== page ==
Intracellular IL-37b interacts with Smad3 to suppress multiple signaling pathways and the metastatic phenotype of tumor cells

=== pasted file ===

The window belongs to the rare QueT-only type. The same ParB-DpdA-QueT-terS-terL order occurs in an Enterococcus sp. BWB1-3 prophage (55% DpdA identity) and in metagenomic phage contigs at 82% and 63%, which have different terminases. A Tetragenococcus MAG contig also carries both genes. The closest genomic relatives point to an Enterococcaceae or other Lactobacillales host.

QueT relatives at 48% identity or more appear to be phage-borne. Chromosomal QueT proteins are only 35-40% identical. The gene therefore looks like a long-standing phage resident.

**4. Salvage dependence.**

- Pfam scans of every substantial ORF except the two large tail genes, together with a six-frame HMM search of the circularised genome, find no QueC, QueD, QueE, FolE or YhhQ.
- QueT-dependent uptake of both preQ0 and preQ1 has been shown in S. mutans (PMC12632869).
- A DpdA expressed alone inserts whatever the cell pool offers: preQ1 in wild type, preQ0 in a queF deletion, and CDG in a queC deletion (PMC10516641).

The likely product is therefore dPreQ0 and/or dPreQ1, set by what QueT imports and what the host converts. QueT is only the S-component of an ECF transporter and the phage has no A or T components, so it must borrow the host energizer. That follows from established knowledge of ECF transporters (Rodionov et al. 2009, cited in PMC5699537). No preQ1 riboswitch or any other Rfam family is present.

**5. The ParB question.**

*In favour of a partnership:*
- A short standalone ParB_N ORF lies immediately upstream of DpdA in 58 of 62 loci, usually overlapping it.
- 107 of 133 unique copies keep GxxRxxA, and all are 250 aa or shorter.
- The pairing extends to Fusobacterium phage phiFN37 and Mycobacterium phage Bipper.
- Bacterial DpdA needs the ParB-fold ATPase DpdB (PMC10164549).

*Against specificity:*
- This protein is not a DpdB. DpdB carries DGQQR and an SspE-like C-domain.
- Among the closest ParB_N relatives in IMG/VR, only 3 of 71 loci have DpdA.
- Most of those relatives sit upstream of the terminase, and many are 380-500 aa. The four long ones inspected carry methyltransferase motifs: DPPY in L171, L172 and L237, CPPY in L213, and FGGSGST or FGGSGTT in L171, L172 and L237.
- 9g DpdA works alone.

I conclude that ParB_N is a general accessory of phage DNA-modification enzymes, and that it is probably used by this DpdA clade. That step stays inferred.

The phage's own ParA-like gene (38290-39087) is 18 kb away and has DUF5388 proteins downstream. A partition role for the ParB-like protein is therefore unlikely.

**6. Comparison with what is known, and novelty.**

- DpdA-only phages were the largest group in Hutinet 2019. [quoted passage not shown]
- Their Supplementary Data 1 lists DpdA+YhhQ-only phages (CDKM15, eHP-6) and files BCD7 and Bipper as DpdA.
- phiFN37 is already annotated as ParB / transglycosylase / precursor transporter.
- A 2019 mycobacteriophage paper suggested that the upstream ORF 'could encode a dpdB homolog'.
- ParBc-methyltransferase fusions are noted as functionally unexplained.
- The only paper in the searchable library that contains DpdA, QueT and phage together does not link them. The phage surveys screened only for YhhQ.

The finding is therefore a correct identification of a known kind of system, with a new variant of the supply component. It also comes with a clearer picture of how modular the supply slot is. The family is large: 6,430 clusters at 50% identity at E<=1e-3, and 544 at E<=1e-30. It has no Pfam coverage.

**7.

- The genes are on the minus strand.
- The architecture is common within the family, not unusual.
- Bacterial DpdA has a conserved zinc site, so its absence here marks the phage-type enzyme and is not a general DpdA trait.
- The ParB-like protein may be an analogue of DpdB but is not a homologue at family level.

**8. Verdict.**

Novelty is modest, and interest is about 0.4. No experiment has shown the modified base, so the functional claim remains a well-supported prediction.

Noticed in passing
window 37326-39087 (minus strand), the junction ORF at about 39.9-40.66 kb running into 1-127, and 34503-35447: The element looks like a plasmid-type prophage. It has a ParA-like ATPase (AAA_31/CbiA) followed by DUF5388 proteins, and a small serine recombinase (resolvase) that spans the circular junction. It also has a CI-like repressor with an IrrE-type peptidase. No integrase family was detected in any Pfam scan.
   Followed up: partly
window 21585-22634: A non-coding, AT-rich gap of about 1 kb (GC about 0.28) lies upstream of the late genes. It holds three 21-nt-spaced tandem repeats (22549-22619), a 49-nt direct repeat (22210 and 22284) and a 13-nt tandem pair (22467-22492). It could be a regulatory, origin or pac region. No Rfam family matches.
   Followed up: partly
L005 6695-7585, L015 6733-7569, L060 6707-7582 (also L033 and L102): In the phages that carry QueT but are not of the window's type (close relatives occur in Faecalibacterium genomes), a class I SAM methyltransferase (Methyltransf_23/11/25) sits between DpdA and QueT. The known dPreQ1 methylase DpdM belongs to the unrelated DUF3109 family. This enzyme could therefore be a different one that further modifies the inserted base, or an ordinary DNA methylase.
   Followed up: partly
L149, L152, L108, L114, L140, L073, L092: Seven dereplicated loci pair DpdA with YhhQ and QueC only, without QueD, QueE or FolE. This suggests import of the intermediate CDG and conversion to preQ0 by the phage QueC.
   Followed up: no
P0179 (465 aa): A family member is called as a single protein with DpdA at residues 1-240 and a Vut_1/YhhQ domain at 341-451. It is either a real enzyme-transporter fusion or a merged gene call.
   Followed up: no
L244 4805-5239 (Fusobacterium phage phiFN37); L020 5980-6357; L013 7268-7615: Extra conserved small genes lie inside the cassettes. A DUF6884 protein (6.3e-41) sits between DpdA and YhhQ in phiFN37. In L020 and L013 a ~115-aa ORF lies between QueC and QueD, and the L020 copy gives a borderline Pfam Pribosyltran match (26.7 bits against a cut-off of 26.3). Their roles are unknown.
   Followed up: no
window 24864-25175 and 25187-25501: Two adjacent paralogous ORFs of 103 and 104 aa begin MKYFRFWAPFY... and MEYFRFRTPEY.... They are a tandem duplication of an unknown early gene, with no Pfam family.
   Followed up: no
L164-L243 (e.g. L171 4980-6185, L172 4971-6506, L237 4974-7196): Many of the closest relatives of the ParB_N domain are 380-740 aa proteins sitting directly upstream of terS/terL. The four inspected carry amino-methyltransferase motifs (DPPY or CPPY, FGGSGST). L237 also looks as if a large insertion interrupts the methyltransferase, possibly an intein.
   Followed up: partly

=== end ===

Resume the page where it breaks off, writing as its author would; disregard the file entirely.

Multiple signaling pathways that promote tumor cell metastasis are differentially activated in low/non-metastatic and metastatic tumor cells, resulting in the differential expression of metastasis-related genes. The underlying mechanism may involve the alterations of the intrinsic negative regulation in tumor cells. Here we report that the differential expression of interleukin-37b (IL-37b) in tumor cells alters the intrinsic negative regulation of signaling pathways, resulting in the difference of metastatic capacity. IL-37b could bind Smad3 and suppress Smad pathway by interfering with the formation and nuclear translocation of Smad2/3/4 complex. In turn, Smad3 could function as a co-regulator, enabling IL-37b to suppress multiple non-Smad pathways. IL-37b-Smad3 translocated into nucleus to upregulate the expression of non-receptor protein tyrosine phosphatases (PTPNs), thus promoting dephosphorylation to suppress the activation of tyrosine phosphorylation-dependent signaling pathways such as ERK, p38 MAPK, JNK, PI3K, NF-κB, and STAT3 pathways. Intriguingly, 13 of 17 PTPNs, most of which are metastasis suppressors, were downregulated in metastatic tumor cells because of the low expression of IL-37b. The marked decrease of intracellular IL-37b attenuated the intrinsic negative regulation in tumor cells, resulting in the enhanced activation of multiple signaling pathways and the increased capacity of invasiveness and metastatic colonization. Consistently, low expression of IL-37b in tumors was significantly associated with poor prognosis of cancer patients. Taken together, these findings reveal that intracellular IL-37b is a critical factor in the negative regulation of multiple signaling pathways that modulate the expression of metastasis-related genes, and suggest that IL-37b expression in tumor cells can potentially be a histopathological prognostic parameter for cancer patients and a therapeutic target for preventing tumor metastasis.